MW: How do pharmaceutical companies influence the creation of childhood psychiatric diagnoses?
JB: "The Diagnostic and Statistical Manuel of Mental Disorders (DSM)" is the bible of psychiatric disorders. Indeed, the lead authors of the last two editions have joined forces to publicly warn that the broadening of diagnostic categories ill-serves patients and is a bonanza for the pharmaceutical industry. For pharmaceutical companies, more and wider diagnoses of mental disorders mean larger markets for their products. That cannot be denied. Nor can it be denied that the companies influence not only the "DSM" process, but other less formal channels through which diagnoses are formed, such as medical research, the medical literature, and continuing education for doctors.
Child psychiatrist Dr. Joseph Biederman, for example, was highly influential among child psychiatrists and pediatricians -- "if he breathed a drug at a conference, thousands of kids would be on it," according to physician Dr. Lawrence Diller. The same was true for diagnoses, in particular the diagnosis of pediatric bipolar disorder the he almost single-handedly created. The fact that his work was supported by several drug companies, and that he was paid handsomely for giving speeches and consultations on their behalf, does not necessarily deny the validity of his work. But it does raise serious questions.
MW: How is medical research corrupted by Big Pharma?
JB: There are really two points where pharmaceutical companies exert influence over medical research -- the research itself, and then the publication of that research. At both points that influence can create a tilt towards over prescribing drugs. In terms of the conduct of research, for a variety of reasons, including changes to the laws regulating research, medical research is more under the direct control and sponsorship of pharmaceutical companies than ever before. With that power, they are able to define research questions, choose methodologies, and do analyses, all of which gives them the ability to increase the likelihood of certain results.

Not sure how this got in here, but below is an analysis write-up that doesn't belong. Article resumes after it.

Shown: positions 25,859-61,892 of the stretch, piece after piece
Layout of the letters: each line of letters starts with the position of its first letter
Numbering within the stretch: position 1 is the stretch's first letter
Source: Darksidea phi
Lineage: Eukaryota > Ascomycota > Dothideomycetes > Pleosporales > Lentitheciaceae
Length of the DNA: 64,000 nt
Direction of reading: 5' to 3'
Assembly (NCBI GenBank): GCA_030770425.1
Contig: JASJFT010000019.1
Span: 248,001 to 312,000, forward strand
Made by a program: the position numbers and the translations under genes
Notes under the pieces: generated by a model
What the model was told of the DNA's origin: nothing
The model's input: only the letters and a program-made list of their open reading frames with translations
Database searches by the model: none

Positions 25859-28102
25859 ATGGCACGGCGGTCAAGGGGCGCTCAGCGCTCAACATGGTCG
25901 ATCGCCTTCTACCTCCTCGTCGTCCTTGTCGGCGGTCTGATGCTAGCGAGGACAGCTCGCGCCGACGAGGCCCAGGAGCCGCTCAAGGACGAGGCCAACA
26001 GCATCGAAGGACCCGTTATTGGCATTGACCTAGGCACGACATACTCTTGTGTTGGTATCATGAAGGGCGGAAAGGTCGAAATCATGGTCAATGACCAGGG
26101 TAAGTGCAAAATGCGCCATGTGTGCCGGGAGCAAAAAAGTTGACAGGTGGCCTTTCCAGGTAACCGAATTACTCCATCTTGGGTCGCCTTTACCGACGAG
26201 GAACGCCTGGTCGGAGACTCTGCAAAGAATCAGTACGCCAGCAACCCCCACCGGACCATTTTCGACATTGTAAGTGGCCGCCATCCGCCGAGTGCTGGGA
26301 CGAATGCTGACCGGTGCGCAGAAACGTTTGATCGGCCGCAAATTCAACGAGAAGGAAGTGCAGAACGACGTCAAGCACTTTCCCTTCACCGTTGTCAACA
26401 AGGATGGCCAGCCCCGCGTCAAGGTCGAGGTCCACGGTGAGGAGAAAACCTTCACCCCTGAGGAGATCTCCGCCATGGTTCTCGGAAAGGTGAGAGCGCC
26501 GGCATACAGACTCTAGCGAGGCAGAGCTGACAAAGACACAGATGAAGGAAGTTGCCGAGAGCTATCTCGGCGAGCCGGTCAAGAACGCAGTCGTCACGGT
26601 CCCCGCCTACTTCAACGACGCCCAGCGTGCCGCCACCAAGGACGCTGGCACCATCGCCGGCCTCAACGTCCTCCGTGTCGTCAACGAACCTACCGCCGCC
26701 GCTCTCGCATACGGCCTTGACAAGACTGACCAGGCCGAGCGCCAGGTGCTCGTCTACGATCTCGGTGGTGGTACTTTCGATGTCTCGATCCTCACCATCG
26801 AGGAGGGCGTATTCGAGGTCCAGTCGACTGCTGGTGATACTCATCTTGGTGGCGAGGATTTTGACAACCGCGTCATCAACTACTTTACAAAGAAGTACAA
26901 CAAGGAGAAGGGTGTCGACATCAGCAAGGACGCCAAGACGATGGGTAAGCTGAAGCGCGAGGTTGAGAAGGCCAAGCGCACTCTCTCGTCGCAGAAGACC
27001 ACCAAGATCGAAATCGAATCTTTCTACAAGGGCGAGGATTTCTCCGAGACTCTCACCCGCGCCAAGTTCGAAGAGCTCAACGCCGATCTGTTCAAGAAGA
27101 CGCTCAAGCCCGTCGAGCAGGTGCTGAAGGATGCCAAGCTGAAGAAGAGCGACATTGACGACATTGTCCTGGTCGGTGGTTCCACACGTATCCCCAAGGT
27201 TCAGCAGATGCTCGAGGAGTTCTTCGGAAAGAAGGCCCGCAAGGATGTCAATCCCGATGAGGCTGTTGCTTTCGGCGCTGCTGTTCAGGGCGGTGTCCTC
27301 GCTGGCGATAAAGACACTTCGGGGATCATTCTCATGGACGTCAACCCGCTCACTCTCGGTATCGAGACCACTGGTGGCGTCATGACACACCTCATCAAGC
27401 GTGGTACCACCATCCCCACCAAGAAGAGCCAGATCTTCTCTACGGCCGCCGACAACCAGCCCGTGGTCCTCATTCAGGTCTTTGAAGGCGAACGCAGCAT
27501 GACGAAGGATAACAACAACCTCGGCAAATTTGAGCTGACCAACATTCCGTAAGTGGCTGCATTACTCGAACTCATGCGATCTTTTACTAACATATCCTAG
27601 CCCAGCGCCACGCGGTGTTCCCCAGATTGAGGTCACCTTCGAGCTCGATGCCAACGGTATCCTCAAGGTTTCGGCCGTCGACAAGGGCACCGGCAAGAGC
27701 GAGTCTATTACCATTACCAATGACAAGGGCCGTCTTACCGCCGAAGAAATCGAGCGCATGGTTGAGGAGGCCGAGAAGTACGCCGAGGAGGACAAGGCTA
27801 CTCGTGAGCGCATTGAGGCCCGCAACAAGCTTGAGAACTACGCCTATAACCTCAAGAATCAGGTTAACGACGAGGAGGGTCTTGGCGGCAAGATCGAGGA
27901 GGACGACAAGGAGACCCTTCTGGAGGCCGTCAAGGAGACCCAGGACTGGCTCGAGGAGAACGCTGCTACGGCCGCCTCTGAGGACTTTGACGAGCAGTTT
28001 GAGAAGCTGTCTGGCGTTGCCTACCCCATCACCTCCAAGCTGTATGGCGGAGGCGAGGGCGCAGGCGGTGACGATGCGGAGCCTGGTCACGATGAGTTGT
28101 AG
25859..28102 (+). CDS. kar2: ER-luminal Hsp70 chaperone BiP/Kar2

As Marcia Angell, Harvard professor and former editor-in-chief of "The New England Journal of Medicine," described it in a clinical trial "you can control what data you look at, control the analysis, and then shade your interpretation of the results. You can design studies to come out the way you want them to." This can help yield "science" that emphasizes the efficacy of drugs and downplays the drugs' negative side-effects. But if a study does come out negative, a company can simply refrain from publishing it and it never reaches the public.
MW: In your chapter "Prescriptions for Profit," you discuss how profitable diagnoses are invented by psychiatrists. What was the role of Harvard Medical School professor Joseph Biederman in creating the diagnosis of childhood bipolar disorder?
JB: As I understand it, Dr. Biederman began to notice in the 1990s that some kids who had been diagnosed with ADHD were not responding to treatment with stimulants, the usual approach to treating that disorder. He attributed this to the fact they actually had bipolar disorder. This was a radical idea at the time. Bipolar disorder was believed to be a disorder that only afflicted adults, and perhaps teens in rare cases. While some kids were afflicted with depression, the telltale symptom of mania did not show up in kids. What Biederman declared, however, was that in kids agitation and distraction were substitutes for mania in adults, and therefore it made sense to diagnose kids with bipolar disorder. That is a fairly stripped down explanation, but I believe it is essentially accurate.